A few weeks ago, I wrote about American woodcocks and their wonderful aerial courtship displays that you can hear, and hope to see, in the evenings. This display begins as soon as they arrive back in Maine, with most people going out to look for them starting in March. A few people have written in since then, including Susan Pierter of Portland, wondering how late into the season this can be observed. Thanks to the data we’ve collected over the last five years for the Maine Bird Atlas, I have a precise answer.

As a quick reminder, the Maine Bird Atlas is a project by the Maine Department of Inland Fisheries and Wildlife, with a goal of documenting the breeding (and wintering) distributions of Maine’s birds. Thanks to more than 3,000 volunteers submitting 125,000 checklists of birds they observed – from literally every corner of the state – we now have the best knowledge of where birds were breeding, and when. The “when” component is particularly interesting, and just recently, a group of us Bird Atlas staff members, as well as regional and species experts, spent two weeks going species by species to review all the data, especially the phenological distribution.

When it comes to American woodcocks, breaking down their breeding phenology is pretty straightforward because their aerial displays are so easy to detect. Those displays, for the Atlas, are coded as a “probable” breeding code, based on courtship behavior. There will still be a final proofing of data, but based on our preliminary results, the earliest courtship displays from woodcocks was on March 4. Across the state, especially in northern Maine, we had reports of courtship displays taking place well through July. There were not any chicks, or “recently fledged young” (to use Atlas lingo), after those late July dates, so aerial displays at that time are likely just overly ambitious males still on the dance floor after the ladies have called it a season.

American woodcocks are our earliest ground-nesting species, so those March displays make sense. They are also polygynous, and males give no parental care, so they can just keep displaying as long as they want to in the breeding season, while the females are off raising their young. At some point, the law of diminishing returns will kick in and males will realize their continued displays are not being answered, making it harder for us to detect them. That said, if you haven’t been out to see them yet, you’ve still got plenty of time. Pick a calm evening and go out, around sunset, to a large open field with woods on the edge and listen for the telltale call.


Since early April, a pair of domestic geese has taken up residence in Portland’s Back Cove, and while I usually try to stick to wild animals in this column, I’ve received a surprising number of inquiries about these birds over the past month. In the birder world, we label birds like this as “escapees.” They were, or maybe still are, owned birds that have “escaped” captivity and are now out associated with the natural landscape. This happens with geese and ducks, very frequently with birds used for training dogs (chukars and bobwhites), and we’ve even had black swans (a pet that will run you more than $1,200 to buy) show up around Portland before.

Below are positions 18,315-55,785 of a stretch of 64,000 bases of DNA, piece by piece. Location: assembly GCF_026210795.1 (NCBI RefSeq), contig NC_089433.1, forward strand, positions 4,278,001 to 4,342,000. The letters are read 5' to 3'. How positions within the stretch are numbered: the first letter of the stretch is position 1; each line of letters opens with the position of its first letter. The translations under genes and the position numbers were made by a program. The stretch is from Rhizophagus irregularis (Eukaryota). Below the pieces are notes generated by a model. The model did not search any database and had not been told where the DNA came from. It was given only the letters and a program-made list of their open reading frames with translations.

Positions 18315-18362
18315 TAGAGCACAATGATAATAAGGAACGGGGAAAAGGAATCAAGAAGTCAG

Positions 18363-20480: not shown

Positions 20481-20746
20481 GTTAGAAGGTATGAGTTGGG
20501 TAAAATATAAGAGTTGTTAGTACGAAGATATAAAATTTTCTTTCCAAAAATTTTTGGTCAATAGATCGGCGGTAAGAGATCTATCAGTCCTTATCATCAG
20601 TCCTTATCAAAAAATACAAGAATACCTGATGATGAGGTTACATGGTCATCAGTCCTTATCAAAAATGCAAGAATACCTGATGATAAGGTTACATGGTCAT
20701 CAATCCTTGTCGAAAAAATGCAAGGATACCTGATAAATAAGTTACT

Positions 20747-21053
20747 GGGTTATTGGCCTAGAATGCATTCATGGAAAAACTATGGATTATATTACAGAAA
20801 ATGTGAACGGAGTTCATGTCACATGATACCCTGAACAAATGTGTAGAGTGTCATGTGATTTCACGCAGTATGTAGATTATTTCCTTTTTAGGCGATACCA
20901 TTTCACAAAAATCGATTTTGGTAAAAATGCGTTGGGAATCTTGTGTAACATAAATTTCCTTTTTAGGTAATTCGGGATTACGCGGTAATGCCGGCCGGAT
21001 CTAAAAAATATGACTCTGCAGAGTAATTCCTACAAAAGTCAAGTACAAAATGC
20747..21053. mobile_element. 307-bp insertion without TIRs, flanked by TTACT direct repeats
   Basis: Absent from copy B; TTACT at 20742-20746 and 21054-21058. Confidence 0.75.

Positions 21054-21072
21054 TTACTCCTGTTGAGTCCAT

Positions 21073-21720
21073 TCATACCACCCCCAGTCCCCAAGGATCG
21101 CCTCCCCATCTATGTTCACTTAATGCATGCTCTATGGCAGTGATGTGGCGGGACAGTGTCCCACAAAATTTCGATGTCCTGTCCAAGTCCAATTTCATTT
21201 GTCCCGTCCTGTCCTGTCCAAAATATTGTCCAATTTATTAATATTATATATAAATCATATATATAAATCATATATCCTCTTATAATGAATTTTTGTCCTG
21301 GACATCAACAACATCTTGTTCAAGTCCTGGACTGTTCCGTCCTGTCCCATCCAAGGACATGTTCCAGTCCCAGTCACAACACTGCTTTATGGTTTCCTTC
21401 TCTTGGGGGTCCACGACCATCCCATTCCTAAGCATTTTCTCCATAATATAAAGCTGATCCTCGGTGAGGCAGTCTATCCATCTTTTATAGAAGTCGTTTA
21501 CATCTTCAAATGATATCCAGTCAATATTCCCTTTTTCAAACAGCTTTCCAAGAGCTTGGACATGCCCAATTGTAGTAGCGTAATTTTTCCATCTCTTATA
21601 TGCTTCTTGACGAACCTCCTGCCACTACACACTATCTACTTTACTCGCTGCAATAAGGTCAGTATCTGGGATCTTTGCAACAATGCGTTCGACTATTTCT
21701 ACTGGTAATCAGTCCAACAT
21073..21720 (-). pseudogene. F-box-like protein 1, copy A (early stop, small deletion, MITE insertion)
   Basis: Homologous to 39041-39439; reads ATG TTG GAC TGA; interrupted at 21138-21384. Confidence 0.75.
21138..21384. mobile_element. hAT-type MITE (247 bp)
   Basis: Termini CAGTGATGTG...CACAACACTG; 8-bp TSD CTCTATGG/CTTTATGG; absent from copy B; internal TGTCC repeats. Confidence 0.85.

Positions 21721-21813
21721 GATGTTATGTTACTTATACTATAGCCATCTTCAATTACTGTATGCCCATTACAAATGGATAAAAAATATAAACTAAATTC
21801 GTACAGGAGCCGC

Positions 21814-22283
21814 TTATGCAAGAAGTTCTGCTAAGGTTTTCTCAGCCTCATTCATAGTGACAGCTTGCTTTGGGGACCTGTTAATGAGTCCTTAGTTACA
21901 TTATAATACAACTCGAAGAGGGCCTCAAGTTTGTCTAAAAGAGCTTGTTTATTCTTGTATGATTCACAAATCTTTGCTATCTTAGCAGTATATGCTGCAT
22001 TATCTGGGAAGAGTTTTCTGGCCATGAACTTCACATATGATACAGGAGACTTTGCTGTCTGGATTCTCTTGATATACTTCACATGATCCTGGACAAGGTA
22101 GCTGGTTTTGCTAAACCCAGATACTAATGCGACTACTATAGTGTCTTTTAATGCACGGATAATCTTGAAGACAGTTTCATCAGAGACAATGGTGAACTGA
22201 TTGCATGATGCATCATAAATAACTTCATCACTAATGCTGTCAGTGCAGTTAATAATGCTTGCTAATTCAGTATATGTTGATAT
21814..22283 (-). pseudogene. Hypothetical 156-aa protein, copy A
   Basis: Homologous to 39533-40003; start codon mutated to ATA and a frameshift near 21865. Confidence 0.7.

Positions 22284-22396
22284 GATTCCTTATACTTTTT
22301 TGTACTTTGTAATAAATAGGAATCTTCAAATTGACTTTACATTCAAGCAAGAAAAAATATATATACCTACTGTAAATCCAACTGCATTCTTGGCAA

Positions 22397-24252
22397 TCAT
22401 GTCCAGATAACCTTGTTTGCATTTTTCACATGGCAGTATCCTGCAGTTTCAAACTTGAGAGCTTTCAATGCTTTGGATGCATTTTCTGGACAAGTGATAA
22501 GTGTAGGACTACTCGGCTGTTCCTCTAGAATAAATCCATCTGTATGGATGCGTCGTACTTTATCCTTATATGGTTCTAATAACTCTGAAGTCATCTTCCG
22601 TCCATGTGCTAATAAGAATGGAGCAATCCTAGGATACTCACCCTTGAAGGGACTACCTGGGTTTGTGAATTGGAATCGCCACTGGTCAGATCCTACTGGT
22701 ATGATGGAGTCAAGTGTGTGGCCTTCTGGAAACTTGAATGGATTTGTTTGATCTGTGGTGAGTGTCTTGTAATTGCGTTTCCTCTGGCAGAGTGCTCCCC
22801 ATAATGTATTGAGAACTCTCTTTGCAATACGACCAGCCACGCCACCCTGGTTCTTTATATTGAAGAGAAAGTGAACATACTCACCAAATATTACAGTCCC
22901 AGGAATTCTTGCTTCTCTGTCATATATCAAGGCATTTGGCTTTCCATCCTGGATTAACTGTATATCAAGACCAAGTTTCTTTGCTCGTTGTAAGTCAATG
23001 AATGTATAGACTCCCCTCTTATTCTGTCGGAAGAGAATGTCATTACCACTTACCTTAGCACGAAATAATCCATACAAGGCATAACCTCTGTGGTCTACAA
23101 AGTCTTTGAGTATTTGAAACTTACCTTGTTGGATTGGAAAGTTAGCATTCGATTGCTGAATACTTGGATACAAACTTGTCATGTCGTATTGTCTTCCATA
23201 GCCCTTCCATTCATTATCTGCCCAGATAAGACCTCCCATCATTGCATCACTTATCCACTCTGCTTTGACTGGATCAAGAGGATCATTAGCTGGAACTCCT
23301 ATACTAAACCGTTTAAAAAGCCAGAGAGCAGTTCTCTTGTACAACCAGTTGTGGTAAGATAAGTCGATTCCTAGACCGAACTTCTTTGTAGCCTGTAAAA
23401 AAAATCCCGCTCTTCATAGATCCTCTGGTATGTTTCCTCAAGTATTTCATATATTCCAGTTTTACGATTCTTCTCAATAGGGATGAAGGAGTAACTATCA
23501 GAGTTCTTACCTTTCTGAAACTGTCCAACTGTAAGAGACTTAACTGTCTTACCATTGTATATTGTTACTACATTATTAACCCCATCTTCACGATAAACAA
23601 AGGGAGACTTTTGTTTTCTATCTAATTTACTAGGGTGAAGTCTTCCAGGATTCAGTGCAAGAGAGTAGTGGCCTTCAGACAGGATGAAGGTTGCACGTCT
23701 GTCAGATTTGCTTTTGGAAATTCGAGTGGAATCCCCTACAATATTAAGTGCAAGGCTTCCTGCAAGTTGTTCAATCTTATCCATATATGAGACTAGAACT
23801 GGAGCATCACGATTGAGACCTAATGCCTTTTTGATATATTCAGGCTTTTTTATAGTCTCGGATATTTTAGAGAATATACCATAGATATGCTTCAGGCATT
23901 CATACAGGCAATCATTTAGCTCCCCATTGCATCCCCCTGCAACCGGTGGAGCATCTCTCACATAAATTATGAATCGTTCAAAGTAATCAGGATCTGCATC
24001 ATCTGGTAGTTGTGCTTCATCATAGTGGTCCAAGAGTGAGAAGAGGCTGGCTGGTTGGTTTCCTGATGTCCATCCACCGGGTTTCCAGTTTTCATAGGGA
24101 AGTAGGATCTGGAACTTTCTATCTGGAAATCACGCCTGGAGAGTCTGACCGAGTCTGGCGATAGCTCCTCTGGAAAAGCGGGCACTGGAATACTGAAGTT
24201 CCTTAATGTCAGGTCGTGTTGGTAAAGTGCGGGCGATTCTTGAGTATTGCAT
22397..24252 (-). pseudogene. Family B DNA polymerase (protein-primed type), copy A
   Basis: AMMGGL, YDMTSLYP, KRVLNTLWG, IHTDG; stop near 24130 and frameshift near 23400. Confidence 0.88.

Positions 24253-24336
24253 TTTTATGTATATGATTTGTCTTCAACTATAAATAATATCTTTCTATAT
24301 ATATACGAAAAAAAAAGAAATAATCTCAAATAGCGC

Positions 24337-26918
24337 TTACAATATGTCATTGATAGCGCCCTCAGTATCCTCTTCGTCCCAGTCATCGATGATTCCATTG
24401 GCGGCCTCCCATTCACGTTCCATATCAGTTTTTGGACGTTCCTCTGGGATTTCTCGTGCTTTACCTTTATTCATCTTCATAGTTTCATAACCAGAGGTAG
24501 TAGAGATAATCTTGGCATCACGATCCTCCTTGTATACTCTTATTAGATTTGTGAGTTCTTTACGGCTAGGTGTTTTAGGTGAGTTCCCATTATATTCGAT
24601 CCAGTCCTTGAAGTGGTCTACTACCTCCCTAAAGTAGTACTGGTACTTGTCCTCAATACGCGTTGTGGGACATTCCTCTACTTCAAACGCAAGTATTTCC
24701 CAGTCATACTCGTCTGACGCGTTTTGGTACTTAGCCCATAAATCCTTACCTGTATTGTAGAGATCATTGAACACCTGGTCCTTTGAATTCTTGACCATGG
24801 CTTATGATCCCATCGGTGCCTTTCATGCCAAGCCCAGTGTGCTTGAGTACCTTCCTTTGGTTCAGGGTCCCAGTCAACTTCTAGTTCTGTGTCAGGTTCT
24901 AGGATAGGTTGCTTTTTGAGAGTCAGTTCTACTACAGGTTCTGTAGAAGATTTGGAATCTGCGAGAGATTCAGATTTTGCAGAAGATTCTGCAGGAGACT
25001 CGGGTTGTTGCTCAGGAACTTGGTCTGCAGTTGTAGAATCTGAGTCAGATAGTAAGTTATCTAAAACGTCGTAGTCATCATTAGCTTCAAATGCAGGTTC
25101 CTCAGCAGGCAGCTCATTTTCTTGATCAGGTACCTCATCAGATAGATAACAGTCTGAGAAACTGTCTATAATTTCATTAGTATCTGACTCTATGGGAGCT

The primary concern from people asking about these is about their likelihood of surviving “in the wild.” While most domesticated animals earn that “domesticated” title because they are dependent on humans, most of these adult escapees will probably be fine on their own. Some of the released game birds don’t appear to survive Maine’s winter too well, but in the case of large geese that can move around to different locations to find food, they’ll probably be fine.

There is a group of domestic geese that have been roaming around Casco Bay for years now, primarily seen on Peaks Island but often making its way into Portland Harbor. These geese often get reported to us as rare birds, because the group includes two all-white birds, and one gray bird with white at the base of the bill, superficially looking like snow geese and greater white-fronted geese, respectively. Those birds have been reported since at least 2016, and perhaps the Back Cove birds are from there. If anyone knows about the source of these birds I’d love to learn more, so please email ask@maineaudubon.org.

Do you have a nature question for Doug? Email questions to ask@maineaudubon.org and visit maineaudubon.org to learn more about birding, native plants, and programs and events focusing on Maine wildlife and habitat. Doug and other naturalists lead free bird walks on Thursday mornings, 7 to 9 a.m., at the Gilsland Farm Audubon Sanctuary in Falmouth.

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